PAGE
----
3) Miles Davis, Kind of Blue. This was the first jazz album I ever owned. I’m not the biggest Miles Davis fan in the world, and this is one of the most overplayed pieces of music in the world if you hang out in bookstores, but good lord it still delivers. How can I not be tired of this yet? But I’m not.
4) John Handy, Live At The Monterrey Jazz Festival. This is another head-exploder. It starts quiet, ear-strainingly quiet, then builds to this enormous crescendo at the end. I can’t even imagine seeing this live. This has been one of my most treasured musical touchstones since I first heard it almost 20 years ago.
5) I can’t decide on a fifth one. Really it should be Miles Davis/Gil Evan’s Sketches of Spain, but I want to include something by Ellington. But there’s not really a definitive Duke Ellington album—he made big band music in an age before things were composed as albums, and by the time he was in that mode, his stuff was either less accessible or just rerecordings of older stuff. But of those later pieces, his collaboration with Charles Mingus and Max Roach, Money Jungle, is a favorite, as well as his collaboration with John Coltrane.
Side note: I like getting questions in my little Ask box, although I usually answer them privately. But for when I answer one publicly like this, I’d prefer there not be any swearing in there. Not that I don’t swear myself, I just don’t like to do it broadband like that. I like to pretend I am a gentleman.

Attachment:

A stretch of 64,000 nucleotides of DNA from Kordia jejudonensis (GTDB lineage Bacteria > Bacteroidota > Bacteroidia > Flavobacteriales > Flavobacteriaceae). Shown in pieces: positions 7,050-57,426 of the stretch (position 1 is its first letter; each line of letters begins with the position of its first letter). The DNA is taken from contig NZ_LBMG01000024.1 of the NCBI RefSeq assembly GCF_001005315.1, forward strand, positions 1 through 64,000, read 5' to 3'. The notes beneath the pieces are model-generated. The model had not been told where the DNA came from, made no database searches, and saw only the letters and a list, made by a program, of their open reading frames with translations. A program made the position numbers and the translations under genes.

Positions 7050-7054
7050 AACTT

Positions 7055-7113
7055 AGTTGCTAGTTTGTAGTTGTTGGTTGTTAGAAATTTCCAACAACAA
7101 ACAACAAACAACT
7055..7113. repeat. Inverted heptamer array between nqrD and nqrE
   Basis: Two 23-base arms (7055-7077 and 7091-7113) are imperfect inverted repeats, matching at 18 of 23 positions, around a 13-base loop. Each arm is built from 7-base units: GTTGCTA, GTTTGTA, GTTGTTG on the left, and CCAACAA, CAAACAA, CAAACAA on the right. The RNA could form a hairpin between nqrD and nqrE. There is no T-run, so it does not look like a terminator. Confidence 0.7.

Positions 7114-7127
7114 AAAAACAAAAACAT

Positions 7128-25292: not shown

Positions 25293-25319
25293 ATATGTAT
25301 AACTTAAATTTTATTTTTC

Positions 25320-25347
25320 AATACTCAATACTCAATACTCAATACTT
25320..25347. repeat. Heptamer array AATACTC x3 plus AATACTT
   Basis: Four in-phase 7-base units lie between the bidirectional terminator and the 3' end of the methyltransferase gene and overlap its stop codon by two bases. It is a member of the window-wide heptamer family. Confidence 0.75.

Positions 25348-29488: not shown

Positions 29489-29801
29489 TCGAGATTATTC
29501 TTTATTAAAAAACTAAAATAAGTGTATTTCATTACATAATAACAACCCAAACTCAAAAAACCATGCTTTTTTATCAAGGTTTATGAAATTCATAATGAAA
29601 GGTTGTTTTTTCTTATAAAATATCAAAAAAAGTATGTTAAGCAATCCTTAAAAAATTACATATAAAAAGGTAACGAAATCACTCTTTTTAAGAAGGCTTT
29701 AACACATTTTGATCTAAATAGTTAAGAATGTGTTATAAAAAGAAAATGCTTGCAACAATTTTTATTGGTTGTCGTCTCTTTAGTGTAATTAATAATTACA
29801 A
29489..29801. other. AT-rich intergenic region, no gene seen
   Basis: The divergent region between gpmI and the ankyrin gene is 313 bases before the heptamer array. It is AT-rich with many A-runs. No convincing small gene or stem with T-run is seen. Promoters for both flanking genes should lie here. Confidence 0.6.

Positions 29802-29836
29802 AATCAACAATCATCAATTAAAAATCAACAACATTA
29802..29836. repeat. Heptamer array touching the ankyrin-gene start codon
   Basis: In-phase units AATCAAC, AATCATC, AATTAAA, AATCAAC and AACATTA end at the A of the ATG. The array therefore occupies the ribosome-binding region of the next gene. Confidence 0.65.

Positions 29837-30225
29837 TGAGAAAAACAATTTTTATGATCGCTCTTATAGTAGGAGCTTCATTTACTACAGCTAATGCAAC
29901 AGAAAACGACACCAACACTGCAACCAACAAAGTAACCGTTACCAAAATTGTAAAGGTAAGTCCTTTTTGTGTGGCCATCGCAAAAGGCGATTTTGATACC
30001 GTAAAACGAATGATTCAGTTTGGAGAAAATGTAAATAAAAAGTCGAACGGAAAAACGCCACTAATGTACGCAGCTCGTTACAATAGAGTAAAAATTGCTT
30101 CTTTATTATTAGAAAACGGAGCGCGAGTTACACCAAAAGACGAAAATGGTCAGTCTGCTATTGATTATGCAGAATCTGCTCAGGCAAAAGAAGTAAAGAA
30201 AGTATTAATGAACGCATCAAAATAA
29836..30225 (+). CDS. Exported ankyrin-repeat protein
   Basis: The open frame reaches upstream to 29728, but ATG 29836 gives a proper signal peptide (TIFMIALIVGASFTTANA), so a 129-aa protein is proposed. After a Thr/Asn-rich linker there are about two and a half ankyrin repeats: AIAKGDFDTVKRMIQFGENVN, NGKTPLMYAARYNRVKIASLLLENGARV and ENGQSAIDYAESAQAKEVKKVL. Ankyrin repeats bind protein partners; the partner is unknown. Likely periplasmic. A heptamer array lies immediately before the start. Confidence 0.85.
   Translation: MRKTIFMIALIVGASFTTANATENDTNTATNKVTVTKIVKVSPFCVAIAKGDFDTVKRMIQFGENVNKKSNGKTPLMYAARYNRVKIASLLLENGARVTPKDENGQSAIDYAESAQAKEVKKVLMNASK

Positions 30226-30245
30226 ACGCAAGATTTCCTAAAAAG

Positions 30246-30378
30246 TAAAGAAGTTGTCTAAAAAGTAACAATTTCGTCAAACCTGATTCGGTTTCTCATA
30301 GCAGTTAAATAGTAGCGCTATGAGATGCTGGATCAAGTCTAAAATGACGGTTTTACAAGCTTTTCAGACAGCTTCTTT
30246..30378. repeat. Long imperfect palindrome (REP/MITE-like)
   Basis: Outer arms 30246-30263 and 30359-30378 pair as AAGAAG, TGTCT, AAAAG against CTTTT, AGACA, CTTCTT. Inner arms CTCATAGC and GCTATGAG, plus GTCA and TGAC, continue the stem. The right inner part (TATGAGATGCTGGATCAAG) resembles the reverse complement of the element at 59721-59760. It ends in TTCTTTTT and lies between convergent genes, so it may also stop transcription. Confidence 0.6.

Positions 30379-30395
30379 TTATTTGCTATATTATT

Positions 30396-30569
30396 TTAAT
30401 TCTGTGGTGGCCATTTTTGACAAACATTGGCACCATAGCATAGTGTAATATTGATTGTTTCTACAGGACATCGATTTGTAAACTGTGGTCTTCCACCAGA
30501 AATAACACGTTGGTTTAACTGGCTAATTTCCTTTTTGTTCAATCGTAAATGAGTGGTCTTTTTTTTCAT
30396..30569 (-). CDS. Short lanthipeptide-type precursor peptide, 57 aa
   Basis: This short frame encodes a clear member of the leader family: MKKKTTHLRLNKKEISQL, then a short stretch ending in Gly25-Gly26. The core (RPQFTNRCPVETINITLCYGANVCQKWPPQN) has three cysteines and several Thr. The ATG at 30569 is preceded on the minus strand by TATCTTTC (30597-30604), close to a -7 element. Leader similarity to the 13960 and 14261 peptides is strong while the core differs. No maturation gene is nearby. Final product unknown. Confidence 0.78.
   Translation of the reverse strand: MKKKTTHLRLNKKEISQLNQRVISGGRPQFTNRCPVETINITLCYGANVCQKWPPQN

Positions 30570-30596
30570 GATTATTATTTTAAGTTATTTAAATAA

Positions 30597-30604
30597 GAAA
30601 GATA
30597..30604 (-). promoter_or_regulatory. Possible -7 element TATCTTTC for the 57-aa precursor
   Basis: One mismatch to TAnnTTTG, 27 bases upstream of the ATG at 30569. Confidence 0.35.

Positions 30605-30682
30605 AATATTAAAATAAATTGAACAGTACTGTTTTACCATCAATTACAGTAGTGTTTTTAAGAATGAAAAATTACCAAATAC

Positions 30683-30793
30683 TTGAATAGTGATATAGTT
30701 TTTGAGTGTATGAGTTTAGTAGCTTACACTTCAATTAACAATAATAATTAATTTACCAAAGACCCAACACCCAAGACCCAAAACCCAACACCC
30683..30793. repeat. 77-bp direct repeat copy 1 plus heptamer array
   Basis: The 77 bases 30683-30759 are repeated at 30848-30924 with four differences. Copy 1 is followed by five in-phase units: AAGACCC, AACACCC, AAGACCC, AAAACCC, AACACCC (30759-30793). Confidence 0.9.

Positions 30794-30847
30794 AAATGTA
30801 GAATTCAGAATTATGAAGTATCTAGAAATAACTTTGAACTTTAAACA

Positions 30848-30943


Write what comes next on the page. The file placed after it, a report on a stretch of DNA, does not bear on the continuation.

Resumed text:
MILES BY BICYCLE (alternate version) — a friendly reminder of my new print, in this case the alternate version, printed in a color/black-and-white scheme, essentially the lineart printed over a scanned textured background, rich black on cream and white. Posh! I’m about to go inspect the proofs of these at the printer, and then orders should start going out over the weekend. All of this is potentially a part of my holiday sale, where orders of $50 or more can get 35% off with discount code DHARBMAS in my store.
MILES BY BICYCLE.
A new print, available in my store, printed in an indigo digital process at 11” x 14”, as well as a creamy black version, which you can see closer here. And because my holiday sale is still going, all of these qualify for the sale terms, which are any order $50 or more gets 35% off with discount code DHARBMAS. Happy shopping, beatniks!
I HEAR DYLAN CRASHED HIS MOTORCYCLE. What really happened with that whole thing? I have my theories. One of the twenty dollar sketches I do; you can buy one here, and see all the ones to date here. Subject suggestion: “Bob Dylan.”
My love/disdain of Charles Bukowski is pretty fluid, but this album’s place in my heart is permanent. Listen to the whole thing and watch how he slides into slurring, surly drunkeness by the end, which seems very much built into the progression of poems, most of which are just funny, and a couple of which are brilliant.
10 Great Books from 2013
1. Annie Sullivan and the Trials of Helen Keller, by Joe Lambert. This was published last year but I read it for...